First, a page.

This kind of thing happens to me a lot.  Being in the right place at the right time; but more importantly, being AWARE of being in the right place at the right time.    I engage people.  I ask the right questions.  I find out what I need to know to open the door that needs to open.  I should be a reporter.  I have no doubt I’d make a damned good one. 




On Singing The Song That Only You Can Sing


i originally posted this on a private facebook page for folks that attended Patti Digh's DESIGN YOUR LIFE CAMP.  

But i thought that maybe some of you would like to read it as well...


i wanted to write and attempt to tell you why camp meant so much to me. 
when i was 37 years old, a therapist told me that if i didn't find something outside my crappy marriage that made me happy, i was going to die. not spiritually die. or emotionally, but physically keel over one day, and she told me she was afraid it was going to be soon. 

i was so stunned by her words that i knew i needed to pay attention. but i felt empty and so far away from the core of who i was that i didn't even know where to begin looking. 

a friend invited me about a week into my "search of self" to a house concert. i thought it sounded like the weirdest thing i'd ever heard of. i even asked her if she was sure it wasn't a cult.  she assured me that it was just music and that she thought i'd like it. so i went. i cried through the whole thing and knew as surely as if i'd been struck by lightening that THIS is what i needed to be doing. 
i went home and wrote three songs that week. i attempted to teach myself to play 3 chords on an old beat up guitar that had been hiding in the back of my closet that my brother inherited from my sister's college roommate.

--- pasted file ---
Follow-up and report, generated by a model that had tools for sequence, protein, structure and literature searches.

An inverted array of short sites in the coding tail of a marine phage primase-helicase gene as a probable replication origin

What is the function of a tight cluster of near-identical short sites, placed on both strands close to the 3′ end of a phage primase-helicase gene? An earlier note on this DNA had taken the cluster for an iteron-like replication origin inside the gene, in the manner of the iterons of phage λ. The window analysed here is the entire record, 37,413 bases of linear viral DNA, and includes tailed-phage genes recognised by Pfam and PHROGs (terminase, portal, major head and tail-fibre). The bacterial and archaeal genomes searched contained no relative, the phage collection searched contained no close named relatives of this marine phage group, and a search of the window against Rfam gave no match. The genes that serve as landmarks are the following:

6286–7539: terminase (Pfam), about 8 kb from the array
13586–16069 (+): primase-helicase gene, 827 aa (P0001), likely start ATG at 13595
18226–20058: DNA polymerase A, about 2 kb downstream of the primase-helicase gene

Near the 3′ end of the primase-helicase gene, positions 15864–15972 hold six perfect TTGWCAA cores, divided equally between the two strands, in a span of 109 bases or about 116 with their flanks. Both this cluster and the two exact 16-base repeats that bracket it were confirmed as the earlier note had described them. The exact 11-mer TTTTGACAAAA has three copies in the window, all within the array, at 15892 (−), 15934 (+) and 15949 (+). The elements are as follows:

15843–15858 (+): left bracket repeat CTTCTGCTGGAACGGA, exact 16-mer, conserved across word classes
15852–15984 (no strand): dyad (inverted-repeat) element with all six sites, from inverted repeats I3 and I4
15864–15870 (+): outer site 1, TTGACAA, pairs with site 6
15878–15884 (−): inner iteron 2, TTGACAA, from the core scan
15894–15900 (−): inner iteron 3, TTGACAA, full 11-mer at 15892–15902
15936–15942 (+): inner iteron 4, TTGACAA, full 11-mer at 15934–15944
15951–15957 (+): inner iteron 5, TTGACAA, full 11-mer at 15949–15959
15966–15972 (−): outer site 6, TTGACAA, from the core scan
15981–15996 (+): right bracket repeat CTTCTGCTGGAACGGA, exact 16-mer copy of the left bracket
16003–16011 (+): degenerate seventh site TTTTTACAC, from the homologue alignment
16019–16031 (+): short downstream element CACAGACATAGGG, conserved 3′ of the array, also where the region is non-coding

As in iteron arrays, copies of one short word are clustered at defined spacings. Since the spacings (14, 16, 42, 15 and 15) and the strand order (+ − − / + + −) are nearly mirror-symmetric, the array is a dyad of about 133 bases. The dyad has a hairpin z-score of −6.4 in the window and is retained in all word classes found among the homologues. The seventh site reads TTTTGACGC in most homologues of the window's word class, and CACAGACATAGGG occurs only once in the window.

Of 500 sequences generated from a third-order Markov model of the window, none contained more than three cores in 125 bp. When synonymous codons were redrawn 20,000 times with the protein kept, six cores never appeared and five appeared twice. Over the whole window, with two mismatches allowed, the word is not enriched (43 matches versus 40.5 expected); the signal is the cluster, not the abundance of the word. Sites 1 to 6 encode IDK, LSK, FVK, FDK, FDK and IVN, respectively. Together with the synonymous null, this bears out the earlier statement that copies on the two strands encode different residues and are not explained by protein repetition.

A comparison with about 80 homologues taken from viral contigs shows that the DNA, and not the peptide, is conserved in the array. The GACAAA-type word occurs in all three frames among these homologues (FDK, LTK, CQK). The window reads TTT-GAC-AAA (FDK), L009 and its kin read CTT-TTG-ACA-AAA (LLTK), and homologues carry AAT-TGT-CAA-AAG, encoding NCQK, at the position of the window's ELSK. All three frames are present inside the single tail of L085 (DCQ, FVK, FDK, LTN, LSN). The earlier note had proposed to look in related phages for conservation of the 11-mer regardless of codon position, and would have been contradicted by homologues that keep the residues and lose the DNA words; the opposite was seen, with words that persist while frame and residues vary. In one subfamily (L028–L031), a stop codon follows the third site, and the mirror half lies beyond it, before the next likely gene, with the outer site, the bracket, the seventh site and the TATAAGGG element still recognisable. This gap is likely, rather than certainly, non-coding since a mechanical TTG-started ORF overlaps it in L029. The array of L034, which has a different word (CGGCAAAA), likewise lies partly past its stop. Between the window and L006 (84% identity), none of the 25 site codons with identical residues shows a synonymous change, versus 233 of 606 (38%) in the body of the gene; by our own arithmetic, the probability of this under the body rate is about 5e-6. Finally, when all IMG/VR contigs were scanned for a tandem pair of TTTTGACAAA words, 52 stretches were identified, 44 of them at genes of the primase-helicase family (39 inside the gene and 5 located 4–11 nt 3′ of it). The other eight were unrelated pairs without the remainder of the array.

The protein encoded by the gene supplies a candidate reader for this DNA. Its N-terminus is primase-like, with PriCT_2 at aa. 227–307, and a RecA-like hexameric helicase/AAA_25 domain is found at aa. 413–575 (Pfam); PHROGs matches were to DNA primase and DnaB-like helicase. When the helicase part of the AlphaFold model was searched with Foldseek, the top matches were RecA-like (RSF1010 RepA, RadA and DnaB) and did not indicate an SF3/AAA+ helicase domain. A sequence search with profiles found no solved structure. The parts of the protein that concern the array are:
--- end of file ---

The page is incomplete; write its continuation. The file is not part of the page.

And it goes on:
i was empowered. i began to find my voice. 
i told my THEN husband that i was on a new path. that there was room for him on it if he wanted to support me. but if he didn't, i was going it alone. he told me he was happy where he was and good luck. a week later i found out i was pregnant with hannah, my youngest daughter. it was a dark time. 

thankfully, a year before that, i had started to meet with a group of five women that wanted to build community with other women. we wanted to be there for each other through thick and thin. through births and deaths and weddings of our children and hard times and figure out how to remain present and committed to each other. they rallied around me and told me not to give up on my path. that they would support me. they rallied around me and helped me go to a songwriting school when i was nine months pregnant (with a birthing kit, the name of three midwives and books about divorce in my car). thankfully i didn't give birth at the camp, but a week later, with three of the women from my group in the room when hannah came into the world. 

when hannah was six weeks old, i found myself at another music festival, with more books on divorce in the backseat trying to outrun my fear that i wasn't strong enough to do this on my own. my way. my family thought i was crazy. leaving the security of my huge house and all it's trappings to run off and be a folk singer. everyone thought i was crazy except my community group and my therapist. 

the last night at the festival, as i stood holding hannah to the side of the audience behind where the dancers liked to dance, i saw a man on the stage singing a song. his name was tom prasada-rao. with tears streaming down my face with my newborn in my arms, his song became my mantra:

little prince charming wouldn't play
he picked up all his toys and walked away
no happy endings no goodnight kiss
bet you never thought that you'd end up like this

now you wait in disbelief 
till someone sweeps you off your feet

you can walk a million miles
fake a million smiles in the line of duty
but you don't have to make believe 
cause every one can see you're a sleeping beauty

beautiful dreamer awake
you've been dancing round your dreams at heaven's gate
all the right steps and all the right moves
so what you want and what you got to prove

all those demons in the dark 
will scatter when you wake your heart

you can walk a million miles
fake a million smiles in the line of duty
but you don't have to make believe 
cause every one can see you're a sleeping beauty

no sugar daddies
no calvary rides
no tossing and turning